Measure Effectiveness and Communicate Value to Your Organization
By Brian Dailey
One of the great things about attending the Society of Healthcare Strategy & Market Development (SHSMD) annual conference is talking directly with our customers. If one were to build a Venn diagram of SHSMD attendees and Stratasan clientele, the circles would very nearly overlap.
A common thread I've heard in these conversations is that proving the value of planning and marketing to the rest of the business can be very difficult. Businesses want to see a very clear return on investment, and it's on marketing and planning departments to not only do their jobs, but also communicate the value of their jobs to the rest of the organization. This is especially true as the industry continues to do more with less (as has been very succinctly described in SHSMD's "Bridging Worlds.")
In his session titled Driving Thought Leadership for the Nation’s Largest Nonprofit Health System, Johnny Smith, Jr. of Ascension Health, gave a great overview of how his non-profit system has worked hard to not only fulfill their function, but also communicate value. As he put it, they set out to:
- Increase recognition of their brand
- Increase their thought leadership position among their peers
- Promote Ascension's service lines and clinicians
As they developed the Ascension brand from just a holding company to a system of non-profit hospitals, they faced a unique challenge in that their efforts were not tied to increased patient volume. Rather, they were laying the groundwork for their B2B opportunities and crafting a tight message to communicate that Ascension, as a brand, was innovative and transformative.
While they had to execute on this, it was still necessary to communicate the value of all of their work to the rest of their organization. They did this by measuring earned media results and working very hard to, as Mr. Smith put it, merchandise the results. Even with that focus, when he finished speaking and an audience member asked him what keeps him up at night, he still answered, "Communicating the value of what we do internally."
Daniel Lavelle of Lehigh Valley Health Network (LVHN) gave a another great talk later in the day that framed this conversation in similar terms. Going into the discussion titled Marketing Metrics That Matter: How Lehigh Valley Health Network Demonstrates Marketing's Revenue Contribution, the first question he asked the audience was, "How many people here can say their CEO knows what value marketing is driving for their organization?" Maybe about half of the audience raised their hands.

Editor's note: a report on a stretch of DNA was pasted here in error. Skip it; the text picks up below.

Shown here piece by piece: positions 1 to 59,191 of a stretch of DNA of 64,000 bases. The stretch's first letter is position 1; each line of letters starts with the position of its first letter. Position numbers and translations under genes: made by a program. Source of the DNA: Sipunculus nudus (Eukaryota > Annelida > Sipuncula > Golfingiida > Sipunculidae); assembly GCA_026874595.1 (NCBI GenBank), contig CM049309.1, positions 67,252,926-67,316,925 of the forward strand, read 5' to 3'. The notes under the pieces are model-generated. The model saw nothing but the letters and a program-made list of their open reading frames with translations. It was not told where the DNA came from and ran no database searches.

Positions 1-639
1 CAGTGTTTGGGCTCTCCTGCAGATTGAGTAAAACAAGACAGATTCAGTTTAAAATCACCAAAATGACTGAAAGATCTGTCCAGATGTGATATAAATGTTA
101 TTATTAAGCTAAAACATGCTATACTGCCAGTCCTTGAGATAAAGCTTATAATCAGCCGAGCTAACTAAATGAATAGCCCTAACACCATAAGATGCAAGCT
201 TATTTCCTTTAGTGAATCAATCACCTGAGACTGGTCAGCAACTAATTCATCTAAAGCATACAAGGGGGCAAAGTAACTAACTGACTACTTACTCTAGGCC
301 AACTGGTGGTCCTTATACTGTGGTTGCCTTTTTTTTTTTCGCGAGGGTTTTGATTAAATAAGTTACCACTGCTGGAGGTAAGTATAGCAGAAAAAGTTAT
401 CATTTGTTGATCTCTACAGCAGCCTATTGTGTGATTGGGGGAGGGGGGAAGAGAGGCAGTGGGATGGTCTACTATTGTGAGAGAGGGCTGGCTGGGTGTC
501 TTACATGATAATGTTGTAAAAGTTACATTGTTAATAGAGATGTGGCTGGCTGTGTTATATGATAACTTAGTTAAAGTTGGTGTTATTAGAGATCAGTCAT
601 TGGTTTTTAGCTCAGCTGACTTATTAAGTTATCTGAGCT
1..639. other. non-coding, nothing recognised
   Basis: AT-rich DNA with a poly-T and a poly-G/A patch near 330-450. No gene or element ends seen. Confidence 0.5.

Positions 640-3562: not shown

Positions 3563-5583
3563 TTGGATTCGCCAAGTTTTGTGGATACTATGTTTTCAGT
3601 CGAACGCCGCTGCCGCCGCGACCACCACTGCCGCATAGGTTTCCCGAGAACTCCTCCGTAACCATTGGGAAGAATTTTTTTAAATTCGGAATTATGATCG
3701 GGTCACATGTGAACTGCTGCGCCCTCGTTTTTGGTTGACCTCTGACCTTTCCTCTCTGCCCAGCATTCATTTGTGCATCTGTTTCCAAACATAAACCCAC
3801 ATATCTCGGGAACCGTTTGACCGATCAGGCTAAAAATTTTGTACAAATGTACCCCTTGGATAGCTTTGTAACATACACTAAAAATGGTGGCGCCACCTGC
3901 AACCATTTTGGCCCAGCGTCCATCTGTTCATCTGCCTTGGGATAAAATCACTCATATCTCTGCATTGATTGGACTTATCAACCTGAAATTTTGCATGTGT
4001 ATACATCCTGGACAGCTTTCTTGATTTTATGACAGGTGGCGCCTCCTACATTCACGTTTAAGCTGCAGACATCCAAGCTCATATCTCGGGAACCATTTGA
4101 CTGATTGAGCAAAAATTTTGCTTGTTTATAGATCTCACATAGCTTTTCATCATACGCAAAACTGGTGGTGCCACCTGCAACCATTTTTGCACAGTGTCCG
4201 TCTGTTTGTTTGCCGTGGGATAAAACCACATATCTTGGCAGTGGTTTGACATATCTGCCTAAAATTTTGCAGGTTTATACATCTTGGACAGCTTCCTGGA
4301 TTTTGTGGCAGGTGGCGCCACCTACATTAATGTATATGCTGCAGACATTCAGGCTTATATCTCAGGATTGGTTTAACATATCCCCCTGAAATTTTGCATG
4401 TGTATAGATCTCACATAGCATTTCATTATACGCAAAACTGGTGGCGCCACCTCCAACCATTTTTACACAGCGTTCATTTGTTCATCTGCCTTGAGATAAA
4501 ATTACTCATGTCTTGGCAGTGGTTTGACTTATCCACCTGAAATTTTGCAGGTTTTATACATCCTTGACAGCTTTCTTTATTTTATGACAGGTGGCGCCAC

He then went on to explain how his eight-hospital system in Pennsylvania has consolidated data from many sources (EMR, finance, consumer information, claims, ACO, and others) to gain a comprehensive picture of their market. They developed this data internally, which was quite a feat, and used it to quickly begin marketing. Their goal was to fail fast and iterate marketing campaigns as needed. He gave a great overview of the ways that his marketing team communicates effectiveness to CEOs.
Two things he said really stuck with me:
- "We have to learn to love analytics like we love creativity." Marketing teams love to come up with creative ways to raise awareness and convert leads, but if you aren't data driven, then there's no way to measure effectiveness and communicate value to your organization!
- "Your worst pains will be data capture and data hygiene." As a company that lives in the data space and alleviates this for our customers: you can certainly say that again! This is such a time-consuming process for companies, especially smaller systems that may not have as many data wranglers available to assist them.
In the healthcare business, data has two purposes: first, to make strategic diagnosis. As Richard Rumelt in Good Strategy / Bad Strategy points out, this is a step that many companies skip. Stratasan lives in this space—enabling our partners to ask: Who are my competitors and how do we compare to them? What service lines do we do well in and which ones do we not do well? Where should we direct our marketing resources? Performing this exercise of situational awareness without data is much like navigation without a map or compass. You could end up anywhere! Next, data is used to measure the effectiveness of how marketing resources are deployed. As Daniel Lavelle pointed out, data is the common language in organizations. Anecdotal evidence won't cut it.
The key to ongoing, well-funded marketing and planning efforts is a well-communicated, data-based understanding of how your work is driving growth and providing value to your organization. It doesn’t suffice to simply have the data. You must be able to present it in a way that is easily digestible. This is one of the reasons that we built a presentation tool, Storyboards, right into our analytics platform. Users can take snapshots of market share, service lines, payor mix, and maps of their facility and add them to presentation-ready decks within minutes, all within our application. With data-based insights that validate your efforts and the right tools to communicate your contributions, your leadership team will be ready and willing to your green light your initiatives.
Article by Brian Dailey, Founder & CTO for Stratasan
Attending SHSMD? Come meet our team! We’ll be at exhibit booth #300 and would love the chance to meet you.